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Dev without Ops - Why we are building Vercel for Backend, the Infraless Cloud

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Jens Neuse

Jens Neuse

12min read

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When I started my career as a developer, my continuous integration workflow looked like this:

  1. Open FTP client
  2. Connect to the server
  3. Drag index.php from left to right
  4. Close FTP client

My internet connection was slow, but it only took a few seconds to "deploy" my PHP application. I was new to programming, but I was able to get my code into "production" in just a few seconds. It was a great feeling to see my first website live on the internet. I have to admit, testing wasn't really automated, but my human CD pipeline was fast and reliable.

If you think about it, this was actually "Serverless". I didn't have to worry about servers. I just had to upload my code to the "webspace" and it was live.

Next, I wanted to add a database to my application. Here's the simplest code example I can find today:

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<?php
$servername = "localhost";
$username = "username";
$password = "password";
$dbname = "myDB";
// Create connection
$conn = new mysqli($servername, $username, $password, $dbname);
// Check connection
if ($conn->connect_error) {
die("Connection failed: " . $conn->connect_error);
}
$sql = "SELECT id, firstname, lastname FROM MyGuests";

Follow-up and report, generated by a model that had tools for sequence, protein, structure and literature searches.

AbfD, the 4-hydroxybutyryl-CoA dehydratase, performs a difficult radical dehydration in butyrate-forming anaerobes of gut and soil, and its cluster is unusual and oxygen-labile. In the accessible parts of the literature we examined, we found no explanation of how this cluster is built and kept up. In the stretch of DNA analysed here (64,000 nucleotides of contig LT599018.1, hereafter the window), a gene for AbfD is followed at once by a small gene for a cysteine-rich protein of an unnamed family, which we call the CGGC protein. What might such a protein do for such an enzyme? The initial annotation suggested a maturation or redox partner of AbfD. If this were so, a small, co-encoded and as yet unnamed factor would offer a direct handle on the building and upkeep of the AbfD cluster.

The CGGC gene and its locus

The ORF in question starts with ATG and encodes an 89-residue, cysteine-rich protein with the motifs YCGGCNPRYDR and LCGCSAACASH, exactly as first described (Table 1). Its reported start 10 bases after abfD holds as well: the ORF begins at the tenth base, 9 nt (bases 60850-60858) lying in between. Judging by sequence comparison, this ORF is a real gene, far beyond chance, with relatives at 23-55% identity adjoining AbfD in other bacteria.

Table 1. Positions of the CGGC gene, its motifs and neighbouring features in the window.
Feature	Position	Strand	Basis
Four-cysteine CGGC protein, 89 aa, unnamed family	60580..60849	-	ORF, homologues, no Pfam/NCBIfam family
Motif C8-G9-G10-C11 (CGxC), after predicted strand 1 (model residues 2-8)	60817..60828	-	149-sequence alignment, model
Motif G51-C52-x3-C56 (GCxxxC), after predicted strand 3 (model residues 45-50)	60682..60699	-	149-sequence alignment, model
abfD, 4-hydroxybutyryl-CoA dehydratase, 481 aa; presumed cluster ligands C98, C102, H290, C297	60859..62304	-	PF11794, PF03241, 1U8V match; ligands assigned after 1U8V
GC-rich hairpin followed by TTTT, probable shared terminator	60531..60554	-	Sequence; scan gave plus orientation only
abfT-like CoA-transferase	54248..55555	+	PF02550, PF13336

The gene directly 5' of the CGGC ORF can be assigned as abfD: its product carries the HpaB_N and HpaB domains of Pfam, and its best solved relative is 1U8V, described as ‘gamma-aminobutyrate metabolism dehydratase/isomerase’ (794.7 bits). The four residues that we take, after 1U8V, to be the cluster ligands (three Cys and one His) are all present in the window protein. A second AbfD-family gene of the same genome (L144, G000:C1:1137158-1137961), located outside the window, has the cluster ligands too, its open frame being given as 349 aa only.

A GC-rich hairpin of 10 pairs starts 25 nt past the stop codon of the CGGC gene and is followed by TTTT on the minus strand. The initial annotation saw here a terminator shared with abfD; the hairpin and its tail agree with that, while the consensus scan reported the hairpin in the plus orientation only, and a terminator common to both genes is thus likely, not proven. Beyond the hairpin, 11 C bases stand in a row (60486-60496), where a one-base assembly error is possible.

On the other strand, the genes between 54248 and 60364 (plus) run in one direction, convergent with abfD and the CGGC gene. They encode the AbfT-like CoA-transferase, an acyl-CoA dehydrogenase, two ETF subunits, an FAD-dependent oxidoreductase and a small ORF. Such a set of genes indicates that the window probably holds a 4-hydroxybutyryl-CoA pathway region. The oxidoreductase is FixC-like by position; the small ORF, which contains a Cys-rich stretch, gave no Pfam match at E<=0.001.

$result = $conn->query($sql);
if ($result->num_rows > 0) {
// output data of each row
while($row = $result->fetch_assoc()) {
echo "id: " . $row["id"]. " - Name: " . $row["firstname"]. " " . $row["lastname"]. "<br>";
}
} else {
echo "0 results";
}
$conn->close();
?>

If you copy this file to the webserver, you have a fully functional application that can read and write data from a database. It's incredible how simple this concept was. A complete application in just one file. The "application" starts when the user opens the URL in the browser, and it ends when we're done sending the response to the user. That's as "Serverless" as it gets.

Nowadays, we've gone absolutely crazy. We have AWS, Kubernetes, CDK, Terraform, Docker, Serverless, GraphQL, gRPC, REST, and so much more. You need many years of experience to be able to set up a project with this "modern stack". It's pure madness.

You need Webpack or another tool to bundle your code, minify and optimize it. Build and publish Docker images, or upload zip files to AWS Lambda. And then there's yaml all over the place to configure your infrastructure.

Architects proudly show off their "serverless" architecture diagrams on conferences with hundreds of components. I think to myself: "Why is this so complicated?" Why are there so many moving parts? There are specialised AWS consultants who earn a lot of money because nobody understands Cloud anymore.

Our goal is to change this. We want to make using the cloud as easy as it was in the old days. But first, let's take a step back and look at the problem from a different angle.